Virginia Tech–West Virginia football rivalry
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|Virginia Tech–West Virginia football rivalry|
|Series record||West Virginia leads, 28–22–1|
|First meeting||November 16, 1912|
|Last meeting||October 1, 2005|
|Next meeting||September 2, 2017|
|Trophy||Black Diamond Trophy|
The Virginia Tech–West Virginia football rivalry is an American college football rivalry between the Virginia Tech Hokies and West Virginia Mountaineers. They met 51 times between 1912 and 2005. The two teams played as conference foes from 1991–2003 as members of the Big East Conference (1979–2013). They met every year from 1973–2005. The Black Diamond Trophy is the trophy that goes to the winner of the game. It was introduced in 1997 and was meant to symbolize the Appalachian region’s rich coal heritage (the phrase "black diamond" is often used as a term for coal.)
Virginia Tech held the trophy in 6 of the 9 years in which it was contested, but West Virginia leads the series 28–22–1. The last game was played on October 1, 2005, in Morgantown, West Virginia. Virginia Tech won 34–17.
On July 3, 2013, the schools announced that the series would resume with a two-game series starting in 2021. Also, on July 15, 2014, the two schools announced a neutral site game at FedEx field in Landover, Maryland will be played on September 2, 2017.
The future of the Black Diamond Trophy was uncertain following both schools' move from the Big East. Virginia Tech has confirmed that the Black Diamond Trophy will up for grabs in the 2017, 2021, and 2022 games.
The first game took place in 1912, but they started playing consecutively in 1973. When head coach Frank Beamer began leading the Hokies to success in the 1990s, the rivalry soon elevated.
The first big game of the rivalry came in 1974. Both teams were wrapping up losing seasons in Blacksburg, but neither thought the game would be so hard fought. Former West Virginia head coach Bobby Bowden even received an unsportsmanlike conduct penalty against him for arguing a personal foul that cost the Mountaineers 30 yards. The game featured a 99-yard interception return and an 85-yard touchdown run for Artie Owens and the Mountaineers. The Hokies had two chances to hit a game-winning field goal, after a penalty on West Virginia, but missed both and lost 22–21. Only a year later, West Virginia picked up a hard-fought 10–7 win which ended with a Mountaineer game-winning field goal.
In 1979, West Virginia capped one of the greatest comebacks in the rivalry's history. Down 23–6 at halftime, the Mountaineers rallied behind quarterback Oliver Luck and his four second-half touchdowns to pull out a 34–23 come-from-behind victory.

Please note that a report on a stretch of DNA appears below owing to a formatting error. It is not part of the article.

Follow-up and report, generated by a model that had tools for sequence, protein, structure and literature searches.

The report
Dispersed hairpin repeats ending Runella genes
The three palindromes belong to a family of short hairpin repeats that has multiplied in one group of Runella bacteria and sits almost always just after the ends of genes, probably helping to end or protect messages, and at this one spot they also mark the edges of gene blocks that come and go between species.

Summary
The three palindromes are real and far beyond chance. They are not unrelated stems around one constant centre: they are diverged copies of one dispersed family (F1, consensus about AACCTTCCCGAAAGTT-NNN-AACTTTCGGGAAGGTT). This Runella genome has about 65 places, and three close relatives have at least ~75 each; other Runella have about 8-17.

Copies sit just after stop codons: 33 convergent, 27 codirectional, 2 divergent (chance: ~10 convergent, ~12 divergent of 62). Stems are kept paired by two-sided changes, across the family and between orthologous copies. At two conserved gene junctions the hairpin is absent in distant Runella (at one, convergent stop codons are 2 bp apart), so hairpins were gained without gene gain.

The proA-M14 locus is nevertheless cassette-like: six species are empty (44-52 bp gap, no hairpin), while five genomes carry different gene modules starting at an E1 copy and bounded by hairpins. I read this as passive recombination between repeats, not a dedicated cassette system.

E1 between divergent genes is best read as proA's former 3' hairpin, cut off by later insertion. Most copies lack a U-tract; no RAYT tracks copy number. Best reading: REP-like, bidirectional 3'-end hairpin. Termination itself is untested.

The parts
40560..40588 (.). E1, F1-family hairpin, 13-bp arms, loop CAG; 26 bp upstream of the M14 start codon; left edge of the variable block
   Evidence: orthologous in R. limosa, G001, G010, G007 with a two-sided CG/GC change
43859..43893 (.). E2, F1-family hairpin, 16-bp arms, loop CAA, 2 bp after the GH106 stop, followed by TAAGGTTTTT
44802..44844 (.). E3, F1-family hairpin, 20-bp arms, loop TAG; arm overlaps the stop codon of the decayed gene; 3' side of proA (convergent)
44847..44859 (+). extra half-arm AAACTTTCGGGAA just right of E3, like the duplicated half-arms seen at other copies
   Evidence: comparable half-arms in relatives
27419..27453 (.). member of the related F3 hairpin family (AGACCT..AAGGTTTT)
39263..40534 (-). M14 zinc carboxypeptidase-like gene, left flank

After West Virginia pulled off the comeback in 1979, the Hokies up-ended new head coach Don Nehlen at West Virginia. The Hokies, who eventually made it to the Peach Bowl, thrashed the legendary coach's team 34–11. Virginia Tech runningback Cyrus Lawrence ran for 173 yards, the most ever by a Virginia Tech back in the series. A defensive struggle in 1984 also highlighted the early 80s contests. The game was won by the Mountaineers 14–7, despite being outgained 339–240 by Virginia Tech.
In 1988, en route to the first undefeated season in school history, West Virginia won against the Hokies 22–10. In the hardest game for the Mountaineers in that season, West Virginia battled six turnovers and 13 penalties to win. Former head coach Don Nehlen said about playing in Blacksburg, “Playing here is like airplane landings – any one you can walk away from is a good one.” The following year, 1989, West Virginia lost a dramatic game to the Hokies, 12–10. The win was the first for Virginia Tech in Morgantown since 1967 and the first time that the Hokies defeated a ranked Mountaineer team who was coming off of the undefeated '88 season.
In 1991, Virginia Tech overcame the odds to beat West Virginia 20–14. Heavy rain, a 50-minute lightning delay, and a late offensive surge by the Mountaineers threatened Virginia Tech's win. But when the Mountaineers fumbled on a one-yard line handoff with 16 seconds left, the Hokies came away with the win.
West Virginia handed the Hokies payback for the '91 contest in 1993, when they again ended the season undefeated. The Mountaineers pulled out a 14–13 win, despite five turnovers and a late Virginia Tech field goal attempt (which sailed wide right). Head coach Frank Beamer, on the hot seat, saved his job by leading the Hokies to the Independence Bowl. The 1994 game was the first to be televised by ESPN. The game was a 34–6 win for the #14-ranked Hokies and began a winning span of three years by a combined score of 92–20.
In 1997, West Virginia ended Virginia Tech's three-year winning streak in front of 64,000 fans and a CBS television audience (the first of the series). The Mountaineers won 30–17 behind Amos Zereoue's 153 rushing yards and Marc Bulger's passing and rushing touchdowns.
One of the greatest wins in the series by the Hokies came in 1999. With Marc Bulger out for the Mountaineers, and freshman sensation Michael Vick at quarterback for the #3 Hokies, Virginia Tech won 22–20 in dramatic fashion. West Virginia scored the go-ahead touchdown to put them up 20–19 with 1:15 left. However, Vick led the Hokies on a dramatic drive, highlighted by a key 26-yard scramble down the sideline when it appeared Vick would be tackled. Shayne Graham then hit the game-winning 44-yard field goal as time expired to preserve Virginia Tech's undefeated season.
The following season after Michael Vick's dramatic comeback for the Hokies, Virginia Tech again came back to beat West Virginia. After leading 14–7 in the third quarter, the Mountaineers collapsed. Andre Davis, Tech's speedy receiver, scored on a 30-yard reverse, a 64-yard pass and a 76-yard punt return in the span of six minutes to lead the Hokies to a 48–20 victory. 41 of Tech's 48 points came in the second half, which was a school record.